Women Are Winning the Market Downturn

Equity portfolios at least partly managed by women outperformed in both 2022 and 2018, according to Investment Metrics.

Illustration by II

Illustration by II

During this year’s market downturn, female portfolio managers have proven to be better safeguards of their investors’ assets than their male counterparts.

Large-cap equity portfolios that are at least partly managed by women lost a median of 2.6 percent from January to September, according to an analysis by Investment Metrics, a Confluence company. Similar portfolios led by all-male teams lost a median of 5.9 percent.

Scott Treacy, research consultant at Investment Metrics and author of the report, analyzed 90 portfolios from 73 asset management firms, including some big names like Abrdn, Franklin Templeton, and Schroders. Only 13 of the 90 large-cap portfolios were either managed or co-managed by a woman.

Women also outperformed men during 2018’s market drawdown, when the MSCI All-County World index lost 8.9 percent, according to the report. “At least in the near term, it would seem that women-led teams do a better job at protecting assets in down markets,” Treacy wrote in the report.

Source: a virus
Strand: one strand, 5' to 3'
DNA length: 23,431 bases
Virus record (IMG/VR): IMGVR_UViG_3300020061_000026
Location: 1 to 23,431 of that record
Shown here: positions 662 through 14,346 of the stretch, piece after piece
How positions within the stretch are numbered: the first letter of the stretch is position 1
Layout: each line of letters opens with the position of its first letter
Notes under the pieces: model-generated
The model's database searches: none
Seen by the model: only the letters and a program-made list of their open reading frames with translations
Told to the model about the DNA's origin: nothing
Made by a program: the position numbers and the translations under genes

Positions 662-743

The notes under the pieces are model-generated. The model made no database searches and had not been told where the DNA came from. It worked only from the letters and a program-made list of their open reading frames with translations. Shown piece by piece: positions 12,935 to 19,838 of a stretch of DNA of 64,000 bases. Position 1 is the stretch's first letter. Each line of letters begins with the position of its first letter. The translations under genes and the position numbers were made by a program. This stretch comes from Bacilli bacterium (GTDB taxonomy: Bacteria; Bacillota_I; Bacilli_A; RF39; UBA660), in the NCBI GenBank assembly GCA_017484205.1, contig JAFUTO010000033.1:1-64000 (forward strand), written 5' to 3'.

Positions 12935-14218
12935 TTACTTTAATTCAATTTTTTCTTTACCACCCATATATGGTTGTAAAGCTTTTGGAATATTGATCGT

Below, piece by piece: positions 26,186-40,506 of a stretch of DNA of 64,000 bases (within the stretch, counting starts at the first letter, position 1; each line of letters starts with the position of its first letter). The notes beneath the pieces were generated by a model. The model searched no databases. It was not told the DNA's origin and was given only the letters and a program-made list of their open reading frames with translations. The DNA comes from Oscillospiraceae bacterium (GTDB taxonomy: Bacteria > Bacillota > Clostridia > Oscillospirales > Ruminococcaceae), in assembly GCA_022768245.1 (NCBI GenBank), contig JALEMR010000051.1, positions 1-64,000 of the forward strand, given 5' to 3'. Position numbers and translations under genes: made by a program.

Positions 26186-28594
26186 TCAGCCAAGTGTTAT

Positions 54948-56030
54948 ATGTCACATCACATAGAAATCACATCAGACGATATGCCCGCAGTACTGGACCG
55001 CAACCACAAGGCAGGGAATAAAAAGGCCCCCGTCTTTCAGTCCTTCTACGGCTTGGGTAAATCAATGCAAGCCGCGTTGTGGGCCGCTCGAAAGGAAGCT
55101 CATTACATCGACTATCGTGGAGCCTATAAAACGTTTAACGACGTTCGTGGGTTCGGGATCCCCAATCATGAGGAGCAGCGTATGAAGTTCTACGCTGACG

Treacy didn’t find a significant difference in performance before 2012. “However, in the recent five-year period, women have outperformed men in global equity at a median level,” he told II.

The IM report highlighted top women portfolio managers over the past decade, including Elisa Mazen from Clearbridge, Cassandra Hardman from Hardman Johnston, Caroline Cai from Pzena, and Sarah Ketterer from Causeway. Mazen and Hardman, both of whom are growth-style investors, have respectively beaten their benchmarks 80 percent and 73 percent of the time since 2012, according to the report.


Despite their outperformance, women are underrepresented as key decision-makers in the investment industry. In the global large-cap category, women only manage $90 billion of the $698 billion in total strategy assets, according to Investment Metrics. In a 2021 study, Treacy and his colleagues found that only 7 percent of asset managers had appointed women as chief executive officers.

The lack of gender diversity is also present in private markets. According to a McKinsey report published on Tuesday, women only make up 23 percent of investing roles at global private equity firms, even though more gender-diverse PE managers attract twice as much capital from allocators compared to all-male teams.

“Our analysis shows there is a strong case to build female-led teams,” Treacy wrote in the IM report. “More women should be given more opportunities to lead portfolio management teams at asset management firms and more institutional investors should be directing assets towards women-led portfolios.”